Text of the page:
In the fall of 2011 while I was waiting on confirmation that BIG IN JAPAN would be picked up for publication, I joined the rest of the writing world in the ritual known as NaNoWriMo. It’s a weird word, one reminiscent of a bad rhino joke or something Mork From Ork would say, but it’s actually National Novel Writing Month, and it happens every November. The challenge is to write 50,000 words in a month. And it’s a biggie. Lots of people try. Some succeed. Some crash and burn after three days of enthusiasm. I’ve been in both of those groups.
The “right” way to go about NaNo-ing is to plan ahead by creating an outline. To know what the story will be. Get that outline done, and the use it as a guide through the writing process.
Another way is to be what writers refer to as being a “pantser.” No, not some juvenile joke (although in my case, that could be what the end result would be termed as: a juvenile joke.) It comes from the term “writing by the seat of the pants.”
I’ve always been an outliner. Ever since the days I spent at high school with “the Jeans” as my brilliant but firm English teachers (Jean Roylance and Jean Workman, both incredible teachers and women), outlining has been the way it’s done.
However, that rotten November I got my “Idea for NaNo” late on the night of Halloween. It poured into my head like liquid gold. It was the-best-idea-ever and I couldn’t wait to get writing. Who needed an outline? I was full sails ahead, writing this thing like a maniac. Stuff kept popping up and surprising me (like a motorcycle at the bottom of the
NaNo ended, and I had to set it aside. I signed BIG IN JAPAN for publication, Christmastime happened (always a little distracting as the mother of five kids), and I finally had a chance to come back and finish the-best-idea-ever story in February. I remember that joyous moment typing “The End,” and thinking it was so close to being ready to foist on the world.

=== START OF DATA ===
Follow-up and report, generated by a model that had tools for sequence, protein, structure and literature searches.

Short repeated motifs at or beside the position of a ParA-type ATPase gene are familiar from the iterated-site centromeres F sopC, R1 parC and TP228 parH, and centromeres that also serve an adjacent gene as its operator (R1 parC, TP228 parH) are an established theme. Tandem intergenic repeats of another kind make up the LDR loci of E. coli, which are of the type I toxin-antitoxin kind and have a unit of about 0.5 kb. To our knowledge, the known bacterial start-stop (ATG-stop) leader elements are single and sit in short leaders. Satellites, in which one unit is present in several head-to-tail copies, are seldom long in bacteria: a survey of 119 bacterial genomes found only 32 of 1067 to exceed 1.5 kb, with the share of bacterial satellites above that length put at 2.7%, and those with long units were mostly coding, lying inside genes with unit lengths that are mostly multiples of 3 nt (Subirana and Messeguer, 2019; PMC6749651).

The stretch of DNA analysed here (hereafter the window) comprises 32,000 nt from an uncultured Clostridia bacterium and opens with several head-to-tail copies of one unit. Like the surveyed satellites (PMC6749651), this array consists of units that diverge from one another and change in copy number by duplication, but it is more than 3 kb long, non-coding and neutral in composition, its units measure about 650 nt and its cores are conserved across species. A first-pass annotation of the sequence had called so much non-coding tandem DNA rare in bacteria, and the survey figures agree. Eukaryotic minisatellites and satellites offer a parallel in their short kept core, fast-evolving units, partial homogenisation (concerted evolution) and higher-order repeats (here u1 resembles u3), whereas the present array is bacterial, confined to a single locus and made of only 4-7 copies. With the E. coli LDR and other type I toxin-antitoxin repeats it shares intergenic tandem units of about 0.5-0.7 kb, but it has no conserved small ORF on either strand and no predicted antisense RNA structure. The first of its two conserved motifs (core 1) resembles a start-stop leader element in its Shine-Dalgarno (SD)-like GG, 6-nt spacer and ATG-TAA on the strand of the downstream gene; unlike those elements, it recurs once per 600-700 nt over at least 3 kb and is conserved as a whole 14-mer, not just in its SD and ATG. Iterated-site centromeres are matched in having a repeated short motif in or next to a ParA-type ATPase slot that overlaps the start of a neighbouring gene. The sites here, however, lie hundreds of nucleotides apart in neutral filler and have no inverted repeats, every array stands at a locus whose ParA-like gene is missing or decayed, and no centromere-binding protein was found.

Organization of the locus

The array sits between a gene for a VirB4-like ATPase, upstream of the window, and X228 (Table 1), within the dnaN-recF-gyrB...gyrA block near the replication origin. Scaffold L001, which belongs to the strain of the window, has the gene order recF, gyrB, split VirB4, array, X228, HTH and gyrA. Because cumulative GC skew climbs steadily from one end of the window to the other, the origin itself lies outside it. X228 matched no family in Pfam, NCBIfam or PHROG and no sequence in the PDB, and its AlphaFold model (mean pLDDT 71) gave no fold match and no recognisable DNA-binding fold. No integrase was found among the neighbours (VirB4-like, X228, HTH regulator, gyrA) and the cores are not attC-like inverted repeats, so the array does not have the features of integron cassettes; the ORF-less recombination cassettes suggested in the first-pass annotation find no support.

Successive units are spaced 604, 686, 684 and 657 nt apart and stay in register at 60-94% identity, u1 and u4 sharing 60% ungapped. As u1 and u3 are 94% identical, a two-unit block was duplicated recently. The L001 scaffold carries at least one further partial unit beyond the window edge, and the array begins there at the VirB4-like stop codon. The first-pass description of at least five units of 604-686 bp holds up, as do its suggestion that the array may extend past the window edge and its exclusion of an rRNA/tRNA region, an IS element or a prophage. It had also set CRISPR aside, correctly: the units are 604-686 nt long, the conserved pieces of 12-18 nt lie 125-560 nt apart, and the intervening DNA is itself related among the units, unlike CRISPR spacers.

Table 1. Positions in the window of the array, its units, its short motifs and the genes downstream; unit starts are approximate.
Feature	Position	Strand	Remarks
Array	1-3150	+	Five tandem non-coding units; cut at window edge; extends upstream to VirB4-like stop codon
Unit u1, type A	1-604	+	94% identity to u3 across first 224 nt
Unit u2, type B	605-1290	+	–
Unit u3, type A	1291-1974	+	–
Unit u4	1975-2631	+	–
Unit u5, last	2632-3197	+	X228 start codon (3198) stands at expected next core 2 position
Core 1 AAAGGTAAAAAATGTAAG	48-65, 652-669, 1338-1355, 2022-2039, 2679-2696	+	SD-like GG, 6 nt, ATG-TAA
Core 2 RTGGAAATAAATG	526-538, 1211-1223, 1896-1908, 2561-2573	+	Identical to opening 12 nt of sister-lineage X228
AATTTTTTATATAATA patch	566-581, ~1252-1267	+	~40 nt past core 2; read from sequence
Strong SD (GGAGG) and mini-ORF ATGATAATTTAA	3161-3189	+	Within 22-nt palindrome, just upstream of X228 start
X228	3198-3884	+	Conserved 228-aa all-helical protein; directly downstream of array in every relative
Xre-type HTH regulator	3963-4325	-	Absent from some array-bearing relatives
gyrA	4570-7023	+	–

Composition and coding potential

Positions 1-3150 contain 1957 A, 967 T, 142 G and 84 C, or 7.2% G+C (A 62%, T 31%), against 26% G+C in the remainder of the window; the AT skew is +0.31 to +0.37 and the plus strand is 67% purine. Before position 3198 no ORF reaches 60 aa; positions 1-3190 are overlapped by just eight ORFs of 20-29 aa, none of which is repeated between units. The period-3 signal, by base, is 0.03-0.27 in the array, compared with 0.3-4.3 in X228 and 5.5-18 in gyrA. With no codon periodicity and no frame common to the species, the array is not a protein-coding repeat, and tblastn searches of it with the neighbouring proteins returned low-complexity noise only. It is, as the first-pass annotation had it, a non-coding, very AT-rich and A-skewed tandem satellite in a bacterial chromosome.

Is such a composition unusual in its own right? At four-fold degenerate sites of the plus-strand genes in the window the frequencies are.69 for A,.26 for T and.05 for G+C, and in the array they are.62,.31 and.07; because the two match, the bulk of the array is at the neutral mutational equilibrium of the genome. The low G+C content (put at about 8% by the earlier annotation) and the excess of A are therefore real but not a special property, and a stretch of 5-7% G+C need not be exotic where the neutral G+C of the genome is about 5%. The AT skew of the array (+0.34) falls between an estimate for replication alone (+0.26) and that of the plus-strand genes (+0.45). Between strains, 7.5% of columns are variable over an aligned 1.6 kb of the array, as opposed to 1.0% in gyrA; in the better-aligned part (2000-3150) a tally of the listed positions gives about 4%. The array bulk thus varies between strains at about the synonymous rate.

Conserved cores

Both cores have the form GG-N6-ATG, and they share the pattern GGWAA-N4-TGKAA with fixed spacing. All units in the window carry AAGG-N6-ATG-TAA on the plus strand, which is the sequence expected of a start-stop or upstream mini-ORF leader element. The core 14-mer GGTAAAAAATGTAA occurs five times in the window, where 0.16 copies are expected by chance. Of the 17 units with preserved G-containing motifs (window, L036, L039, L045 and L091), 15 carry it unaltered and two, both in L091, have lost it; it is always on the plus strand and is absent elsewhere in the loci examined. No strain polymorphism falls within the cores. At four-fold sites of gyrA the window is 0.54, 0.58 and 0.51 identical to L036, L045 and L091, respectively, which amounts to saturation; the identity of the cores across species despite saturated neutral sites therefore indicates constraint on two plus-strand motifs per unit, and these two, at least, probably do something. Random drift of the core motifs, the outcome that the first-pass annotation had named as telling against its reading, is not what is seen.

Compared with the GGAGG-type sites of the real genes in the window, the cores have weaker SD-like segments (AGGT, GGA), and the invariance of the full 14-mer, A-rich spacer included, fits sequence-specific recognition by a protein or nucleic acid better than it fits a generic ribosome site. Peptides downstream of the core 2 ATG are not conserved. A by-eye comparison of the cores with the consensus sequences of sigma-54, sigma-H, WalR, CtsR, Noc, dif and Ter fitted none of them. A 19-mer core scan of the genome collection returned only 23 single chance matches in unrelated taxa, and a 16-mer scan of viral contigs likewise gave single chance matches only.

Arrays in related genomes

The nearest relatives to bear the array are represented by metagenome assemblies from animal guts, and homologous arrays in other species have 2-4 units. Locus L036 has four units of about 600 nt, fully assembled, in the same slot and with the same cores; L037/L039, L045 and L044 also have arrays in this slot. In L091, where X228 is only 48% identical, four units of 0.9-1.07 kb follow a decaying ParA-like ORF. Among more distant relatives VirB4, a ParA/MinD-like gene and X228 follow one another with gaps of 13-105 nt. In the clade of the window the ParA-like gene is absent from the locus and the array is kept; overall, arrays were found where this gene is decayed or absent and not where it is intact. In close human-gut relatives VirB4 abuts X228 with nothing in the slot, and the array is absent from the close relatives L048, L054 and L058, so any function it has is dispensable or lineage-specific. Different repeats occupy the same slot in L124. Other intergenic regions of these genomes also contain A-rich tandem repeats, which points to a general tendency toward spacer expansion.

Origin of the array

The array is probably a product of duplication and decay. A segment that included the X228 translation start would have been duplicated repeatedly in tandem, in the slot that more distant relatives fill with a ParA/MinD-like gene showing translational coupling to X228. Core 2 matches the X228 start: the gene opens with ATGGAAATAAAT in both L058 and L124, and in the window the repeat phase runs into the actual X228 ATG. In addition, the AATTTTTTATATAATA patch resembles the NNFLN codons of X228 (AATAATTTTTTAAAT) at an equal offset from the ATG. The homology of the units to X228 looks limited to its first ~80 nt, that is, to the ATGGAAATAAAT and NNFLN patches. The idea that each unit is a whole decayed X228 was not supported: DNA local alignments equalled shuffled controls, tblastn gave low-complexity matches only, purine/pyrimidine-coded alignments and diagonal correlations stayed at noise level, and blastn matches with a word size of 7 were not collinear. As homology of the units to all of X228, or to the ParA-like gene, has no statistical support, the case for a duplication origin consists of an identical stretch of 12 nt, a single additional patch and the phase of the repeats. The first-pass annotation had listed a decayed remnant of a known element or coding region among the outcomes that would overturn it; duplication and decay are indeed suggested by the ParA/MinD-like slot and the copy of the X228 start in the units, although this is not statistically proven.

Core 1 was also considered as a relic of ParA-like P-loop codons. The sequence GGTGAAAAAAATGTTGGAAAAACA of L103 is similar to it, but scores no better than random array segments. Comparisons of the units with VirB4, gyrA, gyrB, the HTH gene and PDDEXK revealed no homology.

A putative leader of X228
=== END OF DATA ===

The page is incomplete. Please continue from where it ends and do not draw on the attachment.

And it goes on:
Now, two years and 5 serious edits past that, I am realizing today that this thing needs more than a tune-up. It probably needs a total overhaul. Possibly a rewrite from the ground up. I’ll have to set aside all that delicious prose I thought was the best-prose-ever, and recreate it with a little. more. control. And perhaps a plot. Or possibly some structure. I tried to wrangle it into submission in these past five revamps, but without that outlined structure, it won’t be wrangled. Okay, maybe I can lift some sections that are still okay, but I’ve got to let a lot of it go.
Man, I tell you. I’m never doing THAT again. If you’re a pantser, I don’t know how you do it. Since I’m an outliner, I’d better behave like one.
P.S. I still am in love with the story and think it’s the best-idea-ever. I’d better shape it up so it’s also the best book for that idea so the readers can agree and not say, “Great idea, but the book was a total misfire.” That’d be so sad.